Buyers Guide: BMW 2 Series (2014-Present)
The original BMW 1 Series was such a success that it wasn’t long before the Bavarian firm introduced coupé and convertible versions of it. Nippy and pert, both models received universal acclaim, but when the 1 Series was updated in 2014, the coupé and convertible versions were enlarged for increased practicality, and their names changed to the 2 Series.
The Coupé is essentially a driver’s car, and unsurprisingly, a wide range of engines has always been offered. The 134bhp, three-cylinder, all the way to the 3.0-litre straight-six turbocharged petrol engine that gives the M235i and later M240i full-on performance car pace and thrills!
What is it like to drive?
The 2 Series is one of those rare cars that was designed more for the process of driving than the result, and you feel the results of that fundamental decision in everything you do in the car. The steering is one of the best electronically-assisted setups we’ve driven, responsive, and with a good amount of feedback from the road. It’s an old-school RWD sports coupé made with modern stuff.
The automatic does a remarkably good job in these cars, and can let you focus more on other parts of driving, but we really prefer the manual, which is an extremely satisfying six-speed. The auto can do everything quicker and better than you can, but why give the robots all the fun?
Interior Design & Trim Levels
The BMW 2 Series comes in three main trims: 228i, M235i and M2. The former two can be had with all-wheel drive, convertible tops, or both. The M2 comes only in rear-drive coupe form. Despite being an entry-level model, the 2 Series still has a premium feel in terms of the design and materials used. It has just two rear seats, but there’s more space than you might think; only tall people are likely to find there’s insufficient head or legroom. Boot space is very good, at 390 litres, and although the seatbacks are fixed, a flip-down panel between the two seats is an optional extra.
Entry-level SE is arguably the best trim because it focuses on comfort rather than sportiness. However, it still has 17-inch alloys, climate control, DAB radio, a 6.5-inch colour display, heated door mirrors, rear parking sensors, and automatic headlights.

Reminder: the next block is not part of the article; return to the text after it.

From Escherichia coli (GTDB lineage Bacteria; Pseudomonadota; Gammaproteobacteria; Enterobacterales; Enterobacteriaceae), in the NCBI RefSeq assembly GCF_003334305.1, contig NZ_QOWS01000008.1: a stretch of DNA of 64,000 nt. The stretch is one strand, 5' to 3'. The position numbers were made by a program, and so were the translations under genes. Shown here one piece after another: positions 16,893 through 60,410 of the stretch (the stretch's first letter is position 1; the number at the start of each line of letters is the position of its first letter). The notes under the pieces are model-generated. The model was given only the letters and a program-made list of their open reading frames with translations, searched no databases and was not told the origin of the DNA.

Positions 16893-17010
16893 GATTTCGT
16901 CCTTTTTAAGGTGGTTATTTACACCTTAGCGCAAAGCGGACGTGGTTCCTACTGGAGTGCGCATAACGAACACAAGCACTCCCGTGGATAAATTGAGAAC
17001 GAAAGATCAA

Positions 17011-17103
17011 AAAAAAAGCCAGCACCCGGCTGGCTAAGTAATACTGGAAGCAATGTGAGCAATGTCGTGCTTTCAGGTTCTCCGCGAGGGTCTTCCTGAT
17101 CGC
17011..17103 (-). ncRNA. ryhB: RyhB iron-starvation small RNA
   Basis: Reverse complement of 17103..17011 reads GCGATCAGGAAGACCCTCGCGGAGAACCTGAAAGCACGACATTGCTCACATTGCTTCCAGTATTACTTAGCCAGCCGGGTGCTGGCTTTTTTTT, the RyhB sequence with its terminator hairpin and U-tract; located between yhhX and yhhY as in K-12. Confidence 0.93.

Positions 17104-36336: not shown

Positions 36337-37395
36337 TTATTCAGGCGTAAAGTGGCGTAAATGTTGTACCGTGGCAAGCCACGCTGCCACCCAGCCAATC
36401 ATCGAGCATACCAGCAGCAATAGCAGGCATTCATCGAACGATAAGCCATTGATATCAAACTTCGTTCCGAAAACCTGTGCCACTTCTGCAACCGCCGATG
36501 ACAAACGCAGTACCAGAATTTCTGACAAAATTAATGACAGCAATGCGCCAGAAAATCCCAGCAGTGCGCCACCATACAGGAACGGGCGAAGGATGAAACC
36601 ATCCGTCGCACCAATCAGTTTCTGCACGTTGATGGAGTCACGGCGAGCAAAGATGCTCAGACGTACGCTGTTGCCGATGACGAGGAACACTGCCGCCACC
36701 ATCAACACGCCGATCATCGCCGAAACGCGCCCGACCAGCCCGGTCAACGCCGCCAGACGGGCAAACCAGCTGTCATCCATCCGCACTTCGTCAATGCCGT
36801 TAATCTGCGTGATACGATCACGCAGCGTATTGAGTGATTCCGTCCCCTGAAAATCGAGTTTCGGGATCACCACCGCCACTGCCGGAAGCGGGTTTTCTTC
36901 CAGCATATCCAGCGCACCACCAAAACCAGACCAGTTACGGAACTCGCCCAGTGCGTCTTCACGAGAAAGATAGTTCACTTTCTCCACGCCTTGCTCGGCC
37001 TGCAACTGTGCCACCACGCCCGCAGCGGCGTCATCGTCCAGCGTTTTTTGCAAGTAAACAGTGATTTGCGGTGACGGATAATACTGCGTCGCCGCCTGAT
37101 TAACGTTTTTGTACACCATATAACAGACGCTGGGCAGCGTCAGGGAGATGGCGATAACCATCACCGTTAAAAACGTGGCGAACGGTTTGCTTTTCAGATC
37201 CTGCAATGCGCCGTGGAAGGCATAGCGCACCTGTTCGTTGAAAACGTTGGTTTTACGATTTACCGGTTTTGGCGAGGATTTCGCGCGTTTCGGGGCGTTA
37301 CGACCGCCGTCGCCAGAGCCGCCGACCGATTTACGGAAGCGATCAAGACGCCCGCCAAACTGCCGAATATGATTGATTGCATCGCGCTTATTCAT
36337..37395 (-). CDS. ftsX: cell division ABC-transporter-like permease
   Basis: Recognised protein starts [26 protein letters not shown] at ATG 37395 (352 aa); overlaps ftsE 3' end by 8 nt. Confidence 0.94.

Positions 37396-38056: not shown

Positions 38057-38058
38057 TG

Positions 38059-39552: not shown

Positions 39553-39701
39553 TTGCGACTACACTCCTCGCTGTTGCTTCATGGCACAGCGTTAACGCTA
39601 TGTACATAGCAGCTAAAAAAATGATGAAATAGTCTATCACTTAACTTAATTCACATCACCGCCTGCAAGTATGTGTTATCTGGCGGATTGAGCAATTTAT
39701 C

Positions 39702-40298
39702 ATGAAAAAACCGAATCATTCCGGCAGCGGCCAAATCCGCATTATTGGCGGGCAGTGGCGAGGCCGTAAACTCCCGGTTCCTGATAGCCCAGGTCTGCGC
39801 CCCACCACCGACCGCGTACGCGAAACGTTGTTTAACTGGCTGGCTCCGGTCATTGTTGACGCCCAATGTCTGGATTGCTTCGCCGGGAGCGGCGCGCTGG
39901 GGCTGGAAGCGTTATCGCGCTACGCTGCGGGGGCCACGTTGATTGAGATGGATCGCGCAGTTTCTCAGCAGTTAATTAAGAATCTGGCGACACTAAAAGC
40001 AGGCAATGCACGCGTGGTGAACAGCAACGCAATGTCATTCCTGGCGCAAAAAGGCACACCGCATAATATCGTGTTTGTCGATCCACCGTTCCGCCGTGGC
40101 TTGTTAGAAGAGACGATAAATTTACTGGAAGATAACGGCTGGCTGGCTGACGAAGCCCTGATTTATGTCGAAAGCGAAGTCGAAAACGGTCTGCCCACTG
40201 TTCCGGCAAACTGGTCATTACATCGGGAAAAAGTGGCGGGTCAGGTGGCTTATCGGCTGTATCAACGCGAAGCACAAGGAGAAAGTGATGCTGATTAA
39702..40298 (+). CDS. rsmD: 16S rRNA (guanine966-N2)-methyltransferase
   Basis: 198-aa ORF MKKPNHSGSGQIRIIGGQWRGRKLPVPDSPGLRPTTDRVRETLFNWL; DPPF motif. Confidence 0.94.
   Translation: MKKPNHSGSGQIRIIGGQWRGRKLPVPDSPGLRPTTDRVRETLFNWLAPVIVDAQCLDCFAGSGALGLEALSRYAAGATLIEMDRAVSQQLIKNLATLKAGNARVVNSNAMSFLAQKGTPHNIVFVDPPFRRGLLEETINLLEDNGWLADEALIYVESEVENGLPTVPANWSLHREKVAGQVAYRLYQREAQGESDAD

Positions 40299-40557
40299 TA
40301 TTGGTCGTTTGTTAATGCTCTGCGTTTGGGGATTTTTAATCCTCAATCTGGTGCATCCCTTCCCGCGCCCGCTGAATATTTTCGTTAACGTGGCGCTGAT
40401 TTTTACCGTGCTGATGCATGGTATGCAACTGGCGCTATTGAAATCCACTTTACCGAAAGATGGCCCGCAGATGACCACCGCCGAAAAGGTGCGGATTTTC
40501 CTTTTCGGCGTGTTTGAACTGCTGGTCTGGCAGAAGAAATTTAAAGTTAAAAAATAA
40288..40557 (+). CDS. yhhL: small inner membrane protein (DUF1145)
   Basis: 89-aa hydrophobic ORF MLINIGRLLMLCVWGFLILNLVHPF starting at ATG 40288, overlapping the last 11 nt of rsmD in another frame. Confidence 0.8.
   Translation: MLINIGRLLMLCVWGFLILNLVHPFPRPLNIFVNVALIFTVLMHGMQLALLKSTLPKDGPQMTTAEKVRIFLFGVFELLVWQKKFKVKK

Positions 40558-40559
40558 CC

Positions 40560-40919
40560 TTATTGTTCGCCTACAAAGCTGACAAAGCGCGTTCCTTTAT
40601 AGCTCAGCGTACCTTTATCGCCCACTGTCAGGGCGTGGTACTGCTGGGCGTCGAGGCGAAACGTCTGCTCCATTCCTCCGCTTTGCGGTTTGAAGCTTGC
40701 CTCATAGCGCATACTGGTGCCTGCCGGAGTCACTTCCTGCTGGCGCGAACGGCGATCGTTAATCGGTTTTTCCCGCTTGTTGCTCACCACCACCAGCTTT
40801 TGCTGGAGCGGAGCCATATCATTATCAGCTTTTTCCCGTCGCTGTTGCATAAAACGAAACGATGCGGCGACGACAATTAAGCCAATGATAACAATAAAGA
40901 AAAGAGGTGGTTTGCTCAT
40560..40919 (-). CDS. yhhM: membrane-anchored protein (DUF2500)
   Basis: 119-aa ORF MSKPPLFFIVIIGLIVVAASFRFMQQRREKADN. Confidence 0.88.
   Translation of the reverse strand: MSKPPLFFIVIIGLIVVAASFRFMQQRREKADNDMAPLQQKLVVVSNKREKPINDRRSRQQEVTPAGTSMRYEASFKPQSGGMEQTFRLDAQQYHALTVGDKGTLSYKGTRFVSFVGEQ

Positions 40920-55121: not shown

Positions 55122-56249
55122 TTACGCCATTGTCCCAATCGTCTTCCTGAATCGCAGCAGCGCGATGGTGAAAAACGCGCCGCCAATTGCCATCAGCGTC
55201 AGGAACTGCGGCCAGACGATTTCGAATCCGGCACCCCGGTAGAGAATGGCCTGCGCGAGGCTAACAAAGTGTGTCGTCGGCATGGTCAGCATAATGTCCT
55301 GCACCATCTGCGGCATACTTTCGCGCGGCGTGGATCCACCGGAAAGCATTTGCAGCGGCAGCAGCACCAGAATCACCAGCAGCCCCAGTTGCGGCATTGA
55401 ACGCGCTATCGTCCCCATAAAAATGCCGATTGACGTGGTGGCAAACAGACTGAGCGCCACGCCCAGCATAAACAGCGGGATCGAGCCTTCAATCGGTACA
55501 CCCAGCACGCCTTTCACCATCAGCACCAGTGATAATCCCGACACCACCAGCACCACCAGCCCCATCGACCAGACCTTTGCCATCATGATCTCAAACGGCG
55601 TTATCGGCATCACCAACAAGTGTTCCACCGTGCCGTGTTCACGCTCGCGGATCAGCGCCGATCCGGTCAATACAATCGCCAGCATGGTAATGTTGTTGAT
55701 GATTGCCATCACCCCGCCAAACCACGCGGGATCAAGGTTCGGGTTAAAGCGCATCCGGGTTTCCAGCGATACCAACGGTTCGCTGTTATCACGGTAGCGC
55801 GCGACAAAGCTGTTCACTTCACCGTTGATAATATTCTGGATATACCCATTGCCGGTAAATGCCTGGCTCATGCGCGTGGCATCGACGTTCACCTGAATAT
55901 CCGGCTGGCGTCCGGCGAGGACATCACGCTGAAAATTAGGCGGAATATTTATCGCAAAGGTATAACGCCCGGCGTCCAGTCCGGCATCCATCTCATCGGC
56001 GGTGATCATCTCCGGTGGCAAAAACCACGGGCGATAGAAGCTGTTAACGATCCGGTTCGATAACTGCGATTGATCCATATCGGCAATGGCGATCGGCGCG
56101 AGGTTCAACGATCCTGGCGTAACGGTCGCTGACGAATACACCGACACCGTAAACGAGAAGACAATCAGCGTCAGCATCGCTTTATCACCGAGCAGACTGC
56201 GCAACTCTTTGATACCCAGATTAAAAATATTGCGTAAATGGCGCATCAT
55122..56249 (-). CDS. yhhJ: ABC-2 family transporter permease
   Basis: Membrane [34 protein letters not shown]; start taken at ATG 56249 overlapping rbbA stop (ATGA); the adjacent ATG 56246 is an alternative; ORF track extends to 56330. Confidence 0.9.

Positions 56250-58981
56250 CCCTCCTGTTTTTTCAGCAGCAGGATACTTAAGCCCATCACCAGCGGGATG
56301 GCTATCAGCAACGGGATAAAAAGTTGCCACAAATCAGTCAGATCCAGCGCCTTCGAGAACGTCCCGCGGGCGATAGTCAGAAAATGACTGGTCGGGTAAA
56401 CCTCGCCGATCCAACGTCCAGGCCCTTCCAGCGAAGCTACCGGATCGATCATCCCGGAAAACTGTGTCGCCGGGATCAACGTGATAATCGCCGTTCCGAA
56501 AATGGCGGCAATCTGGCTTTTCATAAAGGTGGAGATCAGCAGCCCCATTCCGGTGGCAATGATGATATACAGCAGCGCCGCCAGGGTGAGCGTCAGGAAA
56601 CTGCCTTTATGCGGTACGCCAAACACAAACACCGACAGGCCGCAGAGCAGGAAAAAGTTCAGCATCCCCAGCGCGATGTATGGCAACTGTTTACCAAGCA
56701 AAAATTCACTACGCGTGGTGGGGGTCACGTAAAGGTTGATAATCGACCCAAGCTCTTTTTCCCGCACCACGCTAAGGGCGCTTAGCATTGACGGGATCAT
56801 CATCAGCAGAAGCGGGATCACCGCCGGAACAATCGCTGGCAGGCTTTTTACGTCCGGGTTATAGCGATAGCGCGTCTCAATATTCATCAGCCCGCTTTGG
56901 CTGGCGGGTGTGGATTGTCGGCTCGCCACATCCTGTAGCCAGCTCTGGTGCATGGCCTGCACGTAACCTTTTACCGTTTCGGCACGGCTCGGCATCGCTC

Is it expensive to run?
Not surprisingly, the diesel-engined cars are the most economical, but there’s not actually much in it. The 218d has a combined fuel consumption of 62.8mpg, while the more powerful 220d gets 58.9mpg. Weirdly, the even faster 225d has a better economy than the mid-range engine, at 60.1mpg, thanks to its automatic gearbox.
Road tax for all models registered before 1 April 2017 will vary depending upon the emissions the engine produces while examples registered after this date will render owners liable to pay a flat-rate fee. Insurance groups start off quite reasonably for the lower-powered cars, at group 24 for the 218i, but anything approaching performance will boost that up to as high as group 41, in the case of the M2.
Best 2 Series for Economy
The most economical is the automatic 218d with a 49.6-51.4 mpg claim under the more rigorous WLTP testing method. The punchier 220d isn’t far behind at 48.7-50.4mpg if you stick with the automatic.
Best 2 Series for Performance
The quickest 2 Series model by far is the M240i, which is priced competitively to take on the likes of the Porsche 718 Cayman.
The Audi TT is a cracker of a car, and one of our favourites. It’s smaller than the BMW 2 Series Coupé and is front-wheel drive, so very keen drivers might not find it as balanced in its handling, and the rear seats are more cramped.
The Seat Leon SC is effectively a three-door version of the five-door regular cooking hatchback, but it’s none the worse for that. It’s quick, agile, economical and, most important of all here on the used market, excellent value for money. It’s also spacious inside. The interior doesn’t feel as classy as the Audi’s or the BMW’s, but overall it’s a great car, and fun to drive, too – especially if you choose one of the more sporty variants.